Consulting with wet pants… but it could have been much worse.

You know you’re in trouble when, during a routine skin excision, you start wishing you’d ordered cross-matched blood. Okay, so maybe that’s a slight exaggeration, but as the pulsing deep temporal artery spurted like a Yellowstone geyser, I started wishing that the infiltrative BCC had chosen to infiltrate somewhere else.

Bleeding in surgeryI summoned my colleague for help, calmly mentioning that I was “having a slight problem with haemostasis” in an attempt not to alarm the patient — the statement being reminiscent of Monty Python’s Black Knight saying “It’s just a flesh wound” after his arms were amputated. Several artery clips and ligatures later, we managed to tie off all three of the arterial branches that had been transected as they traversed the tumour excision margins.

The specimen was removed, the defect repaired uneventfully and the patient left the surgery happy enough. Those of us left behind (including the nurse facing the mess, the backlogged patients and my now-running-late colleague) were not as chipper, but the only real casualty was my outfit.

My new blouse and favourite trousers had been sprayed, liberally and repeatedly, with scarlet. I felt like a living piece of modern art. After rinsing out these offending items, I was suddenly faced with a teenaged-girl-like “I have nothing to wear” crisis, but fortunately was able to scrape over the respectability line by putting my dark-coloured trousers back on and borrowing a cardigan to go over my undershirt.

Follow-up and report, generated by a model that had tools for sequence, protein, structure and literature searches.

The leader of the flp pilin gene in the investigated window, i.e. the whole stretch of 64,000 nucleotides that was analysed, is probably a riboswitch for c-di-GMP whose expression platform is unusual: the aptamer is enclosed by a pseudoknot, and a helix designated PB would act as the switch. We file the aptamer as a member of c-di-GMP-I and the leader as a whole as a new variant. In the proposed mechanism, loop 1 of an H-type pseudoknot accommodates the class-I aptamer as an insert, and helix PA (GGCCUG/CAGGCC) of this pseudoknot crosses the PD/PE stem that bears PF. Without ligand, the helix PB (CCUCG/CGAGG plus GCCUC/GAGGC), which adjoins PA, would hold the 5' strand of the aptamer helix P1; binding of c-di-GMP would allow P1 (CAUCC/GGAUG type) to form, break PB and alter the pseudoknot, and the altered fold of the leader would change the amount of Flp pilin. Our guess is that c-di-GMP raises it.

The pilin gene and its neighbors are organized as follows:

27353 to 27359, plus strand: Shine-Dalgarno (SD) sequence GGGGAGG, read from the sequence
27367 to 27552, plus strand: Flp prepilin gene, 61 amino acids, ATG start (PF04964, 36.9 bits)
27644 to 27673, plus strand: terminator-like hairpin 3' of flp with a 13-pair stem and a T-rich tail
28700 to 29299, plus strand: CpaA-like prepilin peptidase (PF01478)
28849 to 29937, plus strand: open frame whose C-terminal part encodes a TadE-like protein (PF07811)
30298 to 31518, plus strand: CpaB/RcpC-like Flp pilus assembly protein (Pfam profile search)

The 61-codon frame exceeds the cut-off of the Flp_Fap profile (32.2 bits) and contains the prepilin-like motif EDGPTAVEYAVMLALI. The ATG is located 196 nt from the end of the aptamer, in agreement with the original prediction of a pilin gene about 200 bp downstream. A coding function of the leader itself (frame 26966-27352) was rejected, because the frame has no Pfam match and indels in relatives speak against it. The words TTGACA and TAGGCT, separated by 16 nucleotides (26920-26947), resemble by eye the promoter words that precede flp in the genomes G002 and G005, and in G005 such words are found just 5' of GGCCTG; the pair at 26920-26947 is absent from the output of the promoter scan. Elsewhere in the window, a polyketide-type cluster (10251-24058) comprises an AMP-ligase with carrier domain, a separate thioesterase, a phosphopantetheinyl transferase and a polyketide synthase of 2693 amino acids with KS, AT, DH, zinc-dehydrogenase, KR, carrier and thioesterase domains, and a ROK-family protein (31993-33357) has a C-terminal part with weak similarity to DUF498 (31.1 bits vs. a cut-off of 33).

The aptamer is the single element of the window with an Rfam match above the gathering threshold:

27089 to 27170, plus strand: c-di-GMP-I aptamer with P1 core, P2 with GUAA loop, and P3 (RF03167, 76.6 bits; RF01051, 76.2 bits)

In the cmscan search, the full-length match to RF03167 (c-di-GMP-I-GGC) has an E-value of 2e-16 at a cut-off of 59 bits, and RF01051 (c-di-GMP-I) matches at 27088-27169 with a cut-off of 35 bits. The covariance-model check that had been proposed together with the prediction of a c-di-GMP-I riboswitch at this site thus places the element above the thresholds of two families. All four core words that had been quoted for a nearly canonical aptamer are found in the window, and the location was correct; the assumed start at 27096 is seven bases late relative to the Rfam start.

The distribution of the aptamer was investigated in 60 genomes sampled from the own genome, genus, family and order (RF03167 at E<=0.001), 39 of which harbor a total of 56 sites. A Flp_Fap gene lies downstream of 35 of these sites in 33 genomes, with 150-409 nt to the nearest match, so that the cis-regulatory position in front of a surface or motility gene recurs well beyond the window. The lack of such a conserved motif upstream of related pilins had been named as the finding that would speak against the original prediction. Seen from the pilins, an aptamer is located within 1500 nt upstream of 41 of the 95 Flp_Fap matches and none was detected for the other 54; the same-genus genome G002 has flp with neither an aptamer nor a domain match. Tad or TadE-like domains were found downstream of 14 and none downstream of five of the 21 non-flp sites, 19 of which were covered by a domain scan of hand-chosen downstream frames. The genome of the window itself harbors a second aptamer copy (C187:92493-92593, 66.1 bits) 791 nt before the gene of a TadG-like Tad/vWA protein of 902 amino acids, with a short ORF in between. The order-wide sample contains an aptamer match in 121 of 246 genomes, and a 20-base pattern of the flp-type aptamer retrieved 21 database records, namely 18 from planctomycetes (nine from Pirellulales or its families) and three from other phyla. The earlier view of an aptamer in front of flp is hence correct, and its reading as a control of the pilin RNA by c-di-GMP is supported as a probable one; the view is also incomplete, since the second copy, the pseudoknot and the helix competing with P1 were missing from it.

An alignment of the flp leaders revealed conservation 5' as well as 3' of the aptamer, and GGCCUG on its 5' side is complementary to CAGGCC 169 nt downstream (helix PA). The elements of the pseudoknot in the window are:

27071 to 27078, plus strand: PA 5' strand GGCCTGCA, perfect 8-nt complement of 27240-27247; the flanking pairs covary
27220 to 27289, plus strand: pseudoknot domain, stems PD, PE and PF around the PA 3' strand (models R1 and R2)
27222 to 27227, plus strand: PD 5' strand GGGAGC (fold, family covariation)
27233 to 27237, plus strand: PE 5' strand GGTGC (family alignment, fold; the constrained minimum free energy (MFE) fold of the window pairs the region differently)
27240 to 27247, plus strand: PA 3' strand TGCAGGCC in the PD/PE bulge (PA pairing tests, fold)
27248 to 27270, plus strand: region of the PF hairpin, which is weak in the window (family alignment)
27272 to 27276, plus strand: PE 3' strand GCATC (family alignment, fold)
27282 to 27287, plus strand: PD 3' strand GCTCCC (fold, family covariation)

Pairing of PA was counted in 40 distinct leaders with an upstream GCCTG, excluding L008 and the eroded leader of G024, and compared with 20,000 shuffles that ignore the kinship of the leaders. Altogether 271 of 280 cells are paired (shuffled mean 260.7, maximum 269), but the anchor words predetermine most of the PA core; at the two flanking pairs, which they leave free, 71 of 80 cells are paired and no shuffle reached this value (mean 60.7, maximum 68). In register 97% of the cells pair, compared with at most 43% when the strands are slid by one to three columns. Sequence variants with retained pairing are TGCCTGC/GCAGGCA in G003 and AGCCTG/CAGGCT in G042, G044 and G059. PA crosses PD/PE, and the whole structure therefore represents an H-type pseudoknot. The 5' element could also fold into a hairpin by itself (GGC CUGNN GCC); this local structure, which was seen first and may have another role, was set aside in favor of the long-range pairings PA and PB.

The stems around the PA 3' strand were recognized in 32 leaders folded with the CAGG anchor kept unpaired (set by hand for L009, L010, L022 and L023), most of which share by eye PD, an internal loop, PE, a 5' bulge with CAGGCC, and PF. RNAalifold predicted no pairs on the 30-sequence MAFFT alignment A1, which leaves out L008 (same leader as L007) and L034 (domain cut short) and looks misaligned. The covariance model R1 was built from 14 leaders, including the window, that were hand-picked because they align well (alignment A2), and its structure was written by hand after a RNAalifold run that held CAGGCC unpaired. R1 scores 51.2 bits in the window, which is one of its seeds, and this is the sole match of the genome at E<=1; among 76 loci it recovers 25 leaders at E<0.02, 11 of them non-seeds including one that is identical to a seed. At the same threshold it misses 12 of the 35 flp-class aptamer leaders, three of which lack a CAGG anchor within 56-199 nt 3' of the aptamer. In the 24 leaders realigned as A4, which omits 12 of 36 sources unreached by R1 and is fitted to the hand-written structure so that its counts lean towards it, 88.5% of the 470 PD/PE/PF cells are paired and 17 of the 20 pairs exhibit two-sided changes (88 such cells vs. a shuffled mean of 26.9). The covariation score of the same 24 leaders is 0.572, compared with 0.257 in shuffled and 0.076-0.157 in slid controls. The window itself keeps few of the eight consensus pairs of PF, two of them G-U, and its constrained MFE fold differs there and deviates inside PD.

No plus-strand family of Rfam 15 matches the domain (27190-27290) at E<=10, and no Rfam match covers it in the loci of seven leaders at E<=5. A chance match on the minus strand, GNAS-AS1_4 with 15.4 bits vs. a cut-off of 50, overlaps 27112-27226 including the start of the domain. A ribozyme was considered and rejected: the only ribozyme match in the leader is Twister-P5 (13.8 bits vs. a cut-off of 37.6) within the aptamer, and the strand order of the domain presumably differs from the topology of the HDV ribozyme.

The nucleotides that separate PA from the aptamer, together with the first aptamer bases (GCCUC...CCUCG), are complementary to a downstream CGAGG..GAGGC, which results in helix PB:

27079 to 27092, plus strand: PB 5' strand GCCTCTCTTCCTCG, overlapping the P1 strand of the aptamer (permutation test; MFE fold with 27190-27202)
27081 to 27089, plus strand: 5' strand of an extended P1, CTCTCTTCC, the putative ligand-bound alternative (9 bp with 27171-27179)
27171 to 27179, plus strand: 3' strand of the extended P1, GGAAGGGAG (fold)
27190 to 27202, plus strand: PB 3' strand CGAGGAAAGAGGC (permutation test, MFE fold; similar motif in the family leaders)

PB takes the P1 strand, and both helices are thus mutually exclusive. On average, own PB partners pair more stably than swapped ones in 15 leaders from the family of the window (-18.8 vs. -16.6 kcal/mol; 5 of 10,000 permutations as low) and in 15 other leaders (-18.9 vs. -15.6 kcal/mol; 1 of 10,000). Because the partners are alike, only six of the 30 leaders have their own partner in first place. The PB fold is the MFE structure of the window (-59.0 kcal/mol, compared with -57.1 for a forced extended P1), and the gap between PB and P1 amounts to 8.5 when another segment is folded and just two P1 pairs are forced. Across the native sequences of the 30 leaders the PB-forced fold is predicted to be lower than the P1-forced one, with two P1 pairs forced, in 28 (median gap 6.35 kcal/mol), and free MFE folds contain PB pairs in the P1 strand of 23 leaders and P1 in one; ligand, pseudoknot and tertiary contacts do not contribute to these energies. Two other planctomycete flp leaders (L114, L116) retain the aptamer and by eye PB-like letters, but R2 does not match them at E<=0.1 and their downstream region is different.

Having wet pants is not pleasant but, according to the Medical Board, it’s preferable to consulting with no pants at all. I wished I’d worn a gown, but it’s not standard procedure and I didn’t expect to be Jackson Pollocked.

I try to live life by the six Ps (Prior Planning Prevents Piss Poor Performance), but the truth of the matter is that surgical challenges, like everything else in medicine, can catch you unaware. Our medical training teaches us to respond coolly and logically under pressure, but the fight or flight response can result in unwise decision-making, particularly in the inexperienced.

I recall a story I was once told of a GP registrar who got into trouble excising a skin cancer, when, unable to close the defect, he panicked and decided to reattach the lesion. Yes, you read correctly. He took the specimen out of the jar and started to sew it back onto the patient’s leg.

I’m not sure how he planned to explain his actions to the patient, or whether he even realised that the hole he was digging for himself was far bigger than the one he was filling with formalin-soaked tissue.

Personally, I’d much rather get timely help to save my skin than struggle on alone in an attempt to save face. Anyway, the story goes, the practice nurse had the nous to alert another of the practice’s GPs, who swept in and saved the day.

Thanks to my colleague’s skilled assistance, my surgical “uh-oh” experience also had a happy ending. The histopathology came back with clear margins, the patient’s post-op course was smooth, his wound healed beautifully and the blood washed out of my clothes without staining.

I’ve been left with a much better appreciation of the anatomy of the deep temporal artery and some good hands-on practice at clipping and tying off its branches, although I’m going to try to steer well clear of that particular artery in future.

It could have been a lot worse: I could have been wearing white.

(The involved patient has consented to having this published)

First published in Australian Doctor on 7th September, 2012:  On getting help

http://www.australiandoctor.com.au/opinions/the-last-word/the-last-word-on-getting-help

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What it means to be an Australian – with skin cancer